The Italian Carnival: A Venetian Tradition

It’s Carnival week in Italy. And our small town, like many, holds a traditional parade and a masked street party. But no Italian carnival celebration in Italy is more famous than that of Venice.

The word carnival means to remove meat or bid it farewell. It is a time of merrymaking or revelry before the approaching fast of Lent, in which the celebrants take on another identity. And thereby lay aside their own flesh or identity. Then, wearing their mask and costume, they are free to do whatever they wish. In this manner, it is not the celebrants themselves who perform any deeds. It is their assumed personalities who act.

The history of Carnival in Italy

Carnival has long been a popular holiday here in Italy. The festival dates back to Roman times when it honored the Roman god Saturnalia. But the church soon labeled it a “Christian” holiday and tied it to Lent.

Some early Catholic leaders condemned Carnival and its pagan practices. Pope Gregory the Great attempted to set a clear division between Carnival and Lent. He even sent missionaries to sanctify any excesses during Carnival.

But the people refused to abandon their time of revelry and debauchery. So church authorities eventually incorporated Carnival into their liturgical year. Despite the sexual orgies and excessive amounts of alcohol and rich foods. After all, Lent was around the corner, when they would have to fast and go without.

The Venetian Carnival

The history of the Venetian Carnival is even more interesting.

Venetians didn’t limit mask-wearing only to Carnival. Although no one seems to know how or why the custom started, mask wearing in public was quite common. Mask makers held a special place in society, governed by separate laws. But city laws also regulated what masked people could do. For instance, they could not gamble or play certain games.

Nowadays, Carnival and Lent seem as intertwined as grapes are with their vines. Few question either Carnival’s pagan roots or its raucous and rowdy behavior. Most Italians love the festival. Schools usually hold masquerade parties. Towns hold street parties and parades, with the tossing of confetti and horn blowing.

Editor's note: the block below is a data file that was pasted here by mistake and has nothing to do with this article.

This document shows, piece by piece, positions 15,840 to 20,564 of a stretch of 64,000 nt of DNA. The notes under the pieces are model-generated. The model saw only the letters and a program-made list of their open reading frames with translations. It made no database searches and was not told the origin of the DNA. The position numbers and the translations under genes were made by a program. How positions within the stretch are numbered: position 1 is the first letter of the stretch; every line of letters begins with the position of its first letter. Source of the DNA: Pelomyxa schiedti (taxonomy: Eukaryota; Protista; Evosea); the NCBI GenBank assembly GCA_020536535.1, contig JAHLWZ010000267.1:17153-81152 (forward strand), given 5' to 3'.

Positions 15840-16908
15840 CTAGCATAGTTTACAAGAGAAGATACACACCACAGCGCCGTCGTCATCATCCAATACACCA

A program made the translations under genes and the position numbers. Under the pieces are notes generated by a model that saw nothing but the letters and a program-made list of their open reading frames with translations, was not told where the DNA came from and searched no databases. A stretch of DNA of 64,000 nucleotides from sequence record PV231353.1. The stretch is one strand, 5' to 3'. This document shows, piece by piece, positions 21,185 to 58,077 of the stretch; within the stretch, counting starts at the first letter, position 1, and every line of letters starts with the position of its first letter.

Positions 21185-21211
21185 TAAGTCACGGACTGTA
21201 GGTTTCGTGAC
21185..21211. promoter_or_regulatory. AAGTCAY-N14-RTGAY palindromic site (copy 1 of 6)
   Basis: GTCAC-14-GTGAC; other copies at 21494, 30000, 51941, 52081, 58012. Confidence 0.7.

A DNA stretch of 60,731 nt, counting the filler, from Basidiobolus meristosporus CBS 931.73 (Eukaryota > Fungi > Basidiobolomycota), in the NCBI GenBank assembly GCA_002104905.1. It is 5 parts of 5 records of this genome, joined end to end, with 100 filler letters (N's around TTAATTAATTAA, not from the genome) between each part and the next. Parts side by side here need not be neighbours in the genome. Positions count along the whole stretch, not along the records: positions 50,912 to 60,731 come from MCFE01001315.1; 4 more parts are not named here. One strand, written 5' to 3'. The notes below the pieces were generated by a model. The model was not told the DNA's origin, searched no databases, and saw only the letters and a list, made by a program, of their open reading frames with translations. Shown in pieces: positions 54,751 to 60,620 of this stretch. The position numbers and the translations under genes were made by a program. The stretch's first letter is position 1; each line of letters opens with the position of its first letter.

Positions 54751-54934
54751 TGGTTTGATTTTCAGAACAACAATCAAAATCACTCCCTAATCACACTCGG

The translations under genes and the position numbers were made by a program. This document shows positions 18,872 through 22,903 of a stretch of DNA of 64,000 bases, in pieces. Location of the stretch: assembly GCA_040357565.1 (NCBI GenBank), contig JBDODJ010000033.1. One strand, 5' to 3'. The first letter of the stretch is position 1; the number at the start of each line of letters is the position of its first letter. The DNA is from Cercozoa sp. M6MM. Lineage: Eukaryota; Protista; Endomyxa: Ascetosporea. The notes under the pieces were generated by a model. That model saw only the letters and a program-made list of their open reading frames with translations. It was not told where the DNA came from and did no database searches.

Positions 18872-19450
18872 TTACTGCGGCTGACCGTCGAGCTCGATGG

Confetti, called coriandoli here, also has a rich history. Paper was scarce and expensive. So people tossed coriander seeds (coriandoli) glued to thin layers of plaster. As paper became more common, it replaced the seeds. But by then the name coriandoli had already taken hold.

Carnival sweets: Chiacchere and Struffoli

The Italian carnival tradition also includes sweets, like Chiacchere and Struffoli. The one part of Carnival that we love!

The word chiacchere means gossip or useless chitchat. And it seems to stem from the fact that they’re so easy to make with only a handful of ingredients. Much like gossip, where people sometimes make up all kinds of things from very few facts, or even from none at all!

The struffoli sweets come with different names according to region. In Abruzzo we call them Cicerchiata. Because they’re often formed into a circle or ring shape, as their name suggests. But in my husband’s Salerno area they’re known as Struffoli. Of Greek origin, the word struffoli means small round balls. But best of all, these delicious honey-drenched sweets are often served at Christmas and Easter too!

Hubby and I don’t celebrate Carnival. The whole idea of hiding behind a mask to do whatever you want seems rather deceitful to us. We’d rather deal with real people. Maskless, because we like knowing upfront who we’re dealing with. What you see is what you get.

We’ve probably all known masked people over the years. And not Zorro type, trying to do good. False friends, people who, in the end bring harm. So the thought I’d like to leave with you is this.

Do you hide behind masks? Or are you a real person? The kind others can trust, because you really are what you seem?

Images: Masks by Annca | Carnival costume by Noveaumonde | Struffoli by Nataliaaggiato | Chiacchiere by Di Clop – Opera propria.

22 thoughts on “The Italian Carnival: A Venetian Tradition

  1. I too knew nothing of the history of carnival. It sounds much like Mardi Gras in New Orleans. I wonder how many take note that over-indulging the senses does not assuage the spirit? If anything, a person feels worse after binging! Once again, God knows best: “Eating too much honey can make you sick” (Proverbs 25:16).